Mandos

Double backflip retroactive illegitimacy

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We haven’t had a thread on the national unity Eternal Subject in a little while. Yes, I know, the issue of the day is the Boston bombings, but we have far too little actual information, at least at the time of this writing, to say anything that hasn’t already repeatedly been said.

Québec used to be my “beat” when it came to the English-language blogosphere, especially since back then, there weren’t that many Canadian anglophone bloggers who could read French or bothered to pay attention to Le Devoir and La Presse. With blogospheric growth, the number of bilingual — or at least, biliterate — bloggers increased, and, well, I went through what would be two country and one majority-language changes (possibly two; I lived very close to if not in a majority Spanish-speaking community in the USA), and it became too hard for me to keep up. I do occasionally check back.

So, what’s going on with the Canadian unity file? In English media, it seems not much. Justin Trudeau got chosen as the federal Liberal leader. Because of the name and parentage, that’s unity news. In French-language/Québec media, on the other hand, things are all a lather, particularly in the particularly-sovereigntist media. Why? Because of a book written by Frédéric Bastien called La bataille de Londres, about the 1982 Constitution. This is a genre: every so often a nationalist-minded intellectual will write a book about one perfidy or another that was perpetrated against the Québécois people, and it will be bounced around as a lot of brand-new revelations of outrage in Le Devoir. And bounce around, and peter out. Helps to have a PQ government, though.

What’s the fuss about this book then? It contains a particular accusation against the late Supreme Court judge Bora Laskin: that he broke judicial independence by revealing to politicians a favorable disposition towards the constitutional effort. This accusation, gleaned from what I gather are somewhat indirect sources, is taken to mean that later judgements of the Court that lubricated the way to constitutional patriation are not the product of true judicial independence.

This has pushed the sovereigntist media to a fever pitch. Needless to say, the Le Devoir comment sections are full of declarations that not only is the 1982 Constitution not morally legitimate (I mean, we knew that already), it is in fact illegal, built on the sand of Bora Laskin’s interference. And if it is not legal, the province of Québec is — ah ha! — already a sovereign country, with no need (moral or legal) of referenda or legislative acts, no need to respect the decisions of a fully traduced Supreme Court, nothing. Done, finito.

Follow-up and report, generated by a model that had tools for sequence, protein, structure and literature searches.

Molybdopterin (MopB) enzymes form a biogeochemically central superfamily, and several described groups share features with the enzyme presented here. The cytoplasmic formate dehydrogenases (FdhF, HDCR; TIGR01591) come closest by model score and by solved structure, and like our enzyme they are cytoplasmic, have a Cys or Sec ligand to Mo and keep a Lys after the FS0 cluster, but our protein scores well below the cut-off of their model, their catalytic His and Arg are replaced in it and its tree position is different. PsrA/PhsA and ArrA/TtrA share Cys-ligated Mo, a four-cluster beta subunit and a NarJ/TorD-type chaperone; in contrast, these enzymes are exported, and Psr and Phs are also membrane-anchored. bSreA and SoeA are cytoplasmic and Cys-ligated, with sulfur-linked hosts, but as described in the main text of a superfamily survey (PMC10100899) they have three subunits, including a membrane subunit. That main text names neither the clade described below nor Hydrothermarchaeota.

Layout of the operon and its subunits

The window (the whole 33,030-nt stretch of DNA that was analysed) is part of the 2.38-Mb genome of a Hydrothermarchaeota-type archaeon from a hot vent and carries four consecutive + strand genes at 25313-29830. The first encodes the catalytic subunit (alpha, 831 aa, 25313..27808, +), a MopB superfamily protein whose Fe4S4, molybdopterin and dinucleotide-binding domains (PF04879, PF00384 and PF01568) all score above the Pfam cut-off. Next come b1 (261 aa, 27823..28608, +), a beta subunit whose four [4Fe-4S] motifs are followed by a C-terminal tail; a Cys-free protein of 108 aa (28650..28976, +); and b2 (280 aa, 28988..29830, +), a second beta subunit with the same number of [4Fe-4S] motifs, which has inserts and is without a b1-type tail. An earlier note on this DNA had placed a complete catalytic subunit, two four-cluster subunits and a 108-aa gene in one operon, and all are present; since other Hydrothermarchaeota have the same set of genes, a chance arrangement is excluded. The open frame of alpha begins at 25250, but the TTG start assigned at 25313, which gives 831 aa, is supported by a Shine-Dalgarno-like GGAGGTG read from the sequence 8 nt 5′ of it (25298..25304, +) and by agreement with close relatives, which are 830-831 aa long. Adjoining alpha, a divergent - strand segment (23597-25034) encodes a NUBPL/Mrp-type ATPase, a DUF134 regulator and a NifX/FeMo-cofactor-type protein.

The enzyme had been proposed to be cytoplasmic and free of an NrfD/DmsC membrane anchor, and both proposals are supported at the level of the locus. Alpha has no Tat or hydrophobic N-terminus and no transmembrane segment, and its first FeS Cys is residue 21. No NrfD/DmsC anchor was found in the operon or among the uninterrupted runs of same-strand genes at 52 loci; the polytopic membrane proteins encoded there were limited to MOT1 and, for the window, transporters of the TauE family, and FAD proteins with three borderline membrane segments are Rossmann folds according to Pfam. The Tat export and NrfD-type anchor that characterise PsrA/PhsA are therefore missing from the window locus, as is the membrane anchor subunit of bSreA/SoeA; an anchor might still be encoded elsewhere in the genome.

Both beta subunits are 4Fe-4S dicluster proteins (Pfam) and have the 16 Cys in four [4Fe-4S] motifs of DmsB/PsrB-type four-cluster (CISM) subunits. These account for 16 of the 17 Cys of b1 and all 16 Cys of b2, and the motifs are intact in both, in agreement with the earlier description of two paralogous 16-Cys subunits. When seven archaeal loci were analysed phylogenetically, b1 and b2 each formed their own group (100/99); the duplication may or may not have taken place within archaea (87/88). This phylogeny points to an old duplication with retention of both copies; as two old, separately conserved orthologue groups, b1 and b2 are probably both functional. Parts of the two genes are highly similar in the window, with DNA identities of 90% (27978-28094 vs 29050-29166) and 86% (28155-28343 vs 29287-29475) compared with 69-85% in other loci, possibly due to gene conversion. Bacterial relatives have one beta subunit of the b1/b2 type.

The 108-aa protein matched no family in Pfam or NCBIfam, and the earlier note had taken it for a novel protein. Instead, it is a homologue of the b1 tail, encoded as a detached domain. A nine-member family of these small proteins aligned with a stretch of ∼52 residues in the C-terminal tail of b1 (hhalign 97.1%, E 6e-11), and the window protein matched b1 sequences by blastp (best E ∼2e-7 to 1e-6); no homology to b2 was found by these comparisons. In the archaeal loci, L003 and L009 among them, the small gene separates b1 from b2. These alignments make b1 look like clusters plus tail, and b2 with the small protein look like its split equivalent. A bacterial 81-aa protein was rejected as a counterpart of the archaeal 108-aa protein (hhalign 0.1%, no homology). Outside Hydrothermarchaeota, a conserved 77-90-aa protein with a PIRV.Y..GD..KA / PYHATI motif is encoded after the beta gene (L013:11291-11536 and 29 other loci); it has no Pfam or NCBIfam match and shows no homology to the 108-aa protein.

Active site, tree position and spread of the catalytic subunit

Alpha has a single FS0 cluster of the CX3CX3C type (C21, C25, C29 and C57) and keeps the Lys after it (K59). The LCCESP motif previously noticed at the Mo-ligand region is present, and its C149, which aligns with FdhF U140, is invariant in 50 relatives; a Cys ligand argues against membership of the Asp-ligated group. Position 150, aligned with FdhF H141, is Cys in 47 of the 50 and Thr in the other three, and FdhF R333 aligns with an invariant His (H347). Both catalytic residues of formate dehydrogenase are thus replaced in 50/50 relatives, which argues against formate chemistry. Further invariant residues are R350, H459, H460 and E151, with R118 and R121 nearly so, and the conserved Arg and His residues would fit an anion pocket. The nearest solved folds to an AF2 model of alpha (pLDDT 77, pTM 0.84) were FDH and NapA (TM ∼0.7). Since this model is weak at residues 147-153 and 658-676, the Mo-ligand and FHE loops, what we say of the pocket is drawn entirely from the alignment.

Needless to say, even the PQ doesn’t take this line…not yet, at the very least. Instead, Mme. Marois and various sovereigntist luminaries, of course entirely and faithfully concerned with the legitimacy of the political process, have called on Ottawa to open all the books and communications of the era that are yet private. There must, of course, be many other perfidies and insults to Québec and its national dignity and rights contained therein. Where there’s smoke, there’s fire.

Le Devoir has a special column devoted to peering over and seeing if the anglophone press has anything truly principled to say about national issues. After all, if we are truly one country, then the English press should reflect most, if not all of the concerns of Le Devoir, amirite? And now, with the entire…not legitimacy, but legality of the federal constitution at stake, should this not be of utmost concern to the anglophone “compatriots”? Alas, regrettably:

La Cour suprême, le rapatriement de la Constitution et les intrigues du juge Laskin ? Bof, ont semblé soupirer cette semaine les médias du Canada anglais. La question a peut-être alimenté les débats au Québec - et fait sortir Lucien Bouchard -, mais elle est passée pratiquement inaperçue ailleurs au pays. Peu ou pas de commentaires et d’éditoriaux. Quasi-silence radio.

To the Le Devoir reader (and commenter), what better evidence of the total moral turpitude of the coloniser, completely unconcerned that the very foundations of the so-called Canadian nation are in question?

But seriously, now, the point is that the question of Québec’s voluntary accession to the 1982 patriated Constitution, to the Charter of Rights and Freedoms, and so on and so forth, are not dead and are not going to go away any time soon, because the fundamental issue is not resolved. Yes indeed, the notwithstanding clause ultimately allows Québec to retain its liberatory restrictions such as Bill 101, but they exist in a subaltern sort of legal life, rather than recognized fully as the triumphant crown jewels of national liberation that they were intended to be by their authors.

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This page contains a single entry by Mandos published on April 16, 2013 12:15 PM.

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